A historical view of witchcraft in seven parts and a variety of styles. First, there is a slide-show alternating inter-titles with drawings and paintings to illustrate the behavior of pagan... See full summary »
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A historical view of witchcraft in seven parts and a variety of styles. First, there is a slide-show alternating inter-titles with drawings and paintings to illustrate the behavior of pagan cultures in the Middle Ages regarding their vision of demons and witches. Then there is a dramatization of the situation of the witches in the Middle Ages, witchcraft and witch-hunts. Finally the film compares the behavior of hysteria of contemporary (1921) women with the behavior of the witches in the Middle Ages, concluding that they are very similar. Written by
Claudio Carvalho, Rio de Janeiro, Brazil
The Swedish film censors required numerous cuts in the film, before authorizing its release. Among the censored scenes were the closeup of the finger being removed from the hanged man's hand, the trampling of the cross in the witch's sabbath scene, the shot of the oozing infant held over a cooking pot, a closeup of a woman's face while she is on a torture rack, closeups of several instruments of torture being employed, and a shot of a demon embracing a nude woman (all these shots have since been restored to the film). See more »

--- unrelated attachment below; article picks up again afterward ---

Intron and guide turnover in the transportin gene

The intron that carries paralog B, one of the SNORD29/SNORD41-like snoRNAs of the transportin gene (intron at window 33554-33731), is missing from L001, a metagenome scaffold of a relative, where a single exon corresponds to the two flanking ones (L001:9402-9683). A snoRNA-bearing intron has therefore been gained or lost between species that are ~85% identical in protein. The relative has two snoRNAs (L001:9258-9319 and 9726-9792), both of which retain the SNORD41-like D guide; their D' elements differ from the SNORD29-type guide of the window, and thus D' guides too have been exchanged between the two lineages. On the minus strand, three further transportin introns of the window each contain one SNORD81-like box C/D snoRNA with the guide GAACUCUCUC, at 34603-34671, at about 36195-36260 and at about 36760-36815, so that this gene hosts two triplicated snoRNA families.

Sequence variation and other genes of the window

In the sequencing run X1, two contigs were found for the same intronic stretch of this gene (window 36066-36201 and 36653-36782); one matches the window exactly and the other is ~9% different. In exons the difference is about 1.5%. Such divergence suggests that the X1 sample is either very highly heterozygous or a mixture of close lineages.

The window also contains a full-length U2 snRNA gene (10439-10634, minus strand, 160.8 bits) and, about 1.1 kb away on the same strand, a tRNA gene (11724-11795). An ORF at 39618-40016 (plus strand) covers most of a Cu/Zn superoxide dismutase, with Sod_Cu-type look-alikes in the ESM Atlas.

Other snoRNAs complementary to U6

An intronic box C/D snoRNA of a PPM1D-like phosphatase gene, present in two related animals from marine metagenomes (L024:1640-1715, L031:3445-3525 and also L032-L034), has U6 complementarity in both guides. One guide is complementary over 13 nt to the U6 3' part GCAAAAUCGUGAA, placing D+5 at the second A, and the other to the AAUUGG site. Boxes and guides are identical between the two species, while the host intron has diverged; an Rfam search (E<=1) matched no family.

The skeletal horse-like creature wandering around during the sabbath is clearly being moved about by a couple of stage hands, hidden under the blanket that covers it's "body". The feet of the crew member at the front of the monster are visible in one shot. See more »
Poor little hysterical witch! In the middle ages you were in conflict with the church. Now it is with the law.
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Directed by Scandinavian filmmaker Benjamin Christensen, Haxan' / Witchcraft Through the Ages' (1922) is a head-trippy silent film depicting black magic, witchcraft, and demonology from the middle ages to the 20th century. Shot and presented in documentary form, the film is more akin to a pseudo-scholarly lecture with moving visual aids. Not as intense or as shocking today as upon its initial release, the film is filled with nightmarish images that are certainly profane and explicit, but also humorous and downright silly.
Yes, sex goes hand-in-hand with Satan, and Christensen's flamboyant portrayal of the aforementioned character, complete with flicking, wanton tongue, drives home the point (well, that and a peppering of nudity). Unique to say the least, Haxan' is a rather weird curio of a film with some incredibly atmospheric, somewhat graphic images, esp. for that era.
The Criterion dvd includes the silent original and the 1968 re-release with an electric jazz-fusion score by Jean Luc Ponty and narration by William S. Burroughs. Burroughs' voice is a treat in itself, and the jazz-fusion score is absolutely frenetic. --- david ross smith
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